Optimal Outcome in Children with Autism Deborah Fein, Ph.D. Board of Trustees Distinguished Professor Department of Psychology Department of Pediatrics University of Connecticut Galway, Ireland June 11, 2013
Background (see Helt et al, 2008 review in Neuropsychology Review) • Most longitudinal studies report 3-25% no longer meet criteria for autism on follow-up • Most individuals no longer meeting criteria for ASD still show significant impairment in social and/or language functioning (e.g., Piven, 1996; Turner and Stone, 2007)
Lovaas, 1987 • 9/19 in the experimental group (40 hours a week Applied Behavior Analysis - ABA) successfully completed regular first grade in a public school and had an average or better score on IQ tests • Attempts at replication generally report some children reaching this outcome, but not as many as Lovaas.
Mundy (1993) pointed out that normal IQ and functioning in regular education is possible in high-functioning autism and does not by itself constitute losing the diagnosis.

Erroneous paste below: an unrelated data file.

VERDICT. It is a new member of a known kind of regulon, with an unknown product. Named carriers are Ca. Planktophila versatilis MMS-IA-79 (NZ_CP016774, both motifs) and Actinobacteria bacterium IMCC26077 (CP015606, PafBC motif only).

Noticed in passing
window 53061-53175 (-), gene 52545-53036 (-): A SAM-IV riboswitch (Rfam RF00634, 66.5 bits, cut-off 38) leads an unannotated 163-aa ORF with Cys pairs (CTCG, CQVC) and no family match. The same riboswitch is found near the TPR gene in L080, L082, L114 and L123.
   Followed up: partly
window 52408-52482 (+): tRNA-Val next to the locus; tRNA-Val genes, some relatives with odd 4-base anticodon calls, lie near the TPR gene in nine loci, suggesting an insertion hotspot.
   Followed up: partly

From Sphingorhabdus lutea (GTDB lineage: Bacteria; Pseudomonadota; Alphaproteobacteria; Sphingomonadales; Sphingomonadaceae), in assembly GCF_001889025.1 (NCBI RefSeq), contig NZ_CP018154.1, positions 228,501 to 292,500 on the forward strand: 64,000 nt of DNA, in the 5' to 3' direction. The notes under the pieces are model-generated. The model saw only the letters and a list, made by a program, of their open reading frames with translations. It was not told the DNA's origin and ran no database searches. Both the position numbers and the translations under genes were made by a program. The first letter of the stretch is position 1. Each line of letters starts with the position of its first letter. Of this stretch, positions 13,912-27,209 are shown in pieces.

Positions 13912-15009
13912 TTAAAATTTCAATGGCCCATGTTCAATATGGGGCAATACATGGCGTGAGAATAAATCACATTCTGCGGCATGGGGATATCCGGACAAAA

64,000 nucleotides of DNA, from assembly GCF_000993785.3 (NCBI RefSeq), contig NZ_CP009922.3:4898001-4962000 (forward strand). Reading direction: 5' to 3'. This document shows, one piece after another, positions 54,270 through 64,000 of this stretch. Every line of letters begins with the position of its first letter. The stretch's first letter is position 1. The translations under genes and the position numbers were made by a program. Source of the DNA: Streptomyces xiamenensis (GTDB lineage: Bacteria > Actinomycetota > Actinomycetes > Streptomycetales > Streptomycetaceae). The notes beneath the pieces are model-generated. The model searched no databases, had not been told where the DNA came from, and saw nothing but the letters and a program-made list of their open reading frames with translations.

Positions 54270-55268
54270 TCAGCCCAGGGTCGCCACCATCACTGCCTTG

Purpose of our “optimal outcome” studies • To document the phenomenon in which children with a clear history of ASD no longer meet criteria for ASD, and in whom there are no significant social or language problems • To explore residual problems that may illuminate core deficits or suggest additional remediation or support needed • To explore mechanisms of “optimal outcome” by tracking intervention and structural and functional imaging differences
Background • Sutera, S., et al (2007) • 73 children dx’d with ASD at age 2 followed to age 4 • 13 (18%) lost dx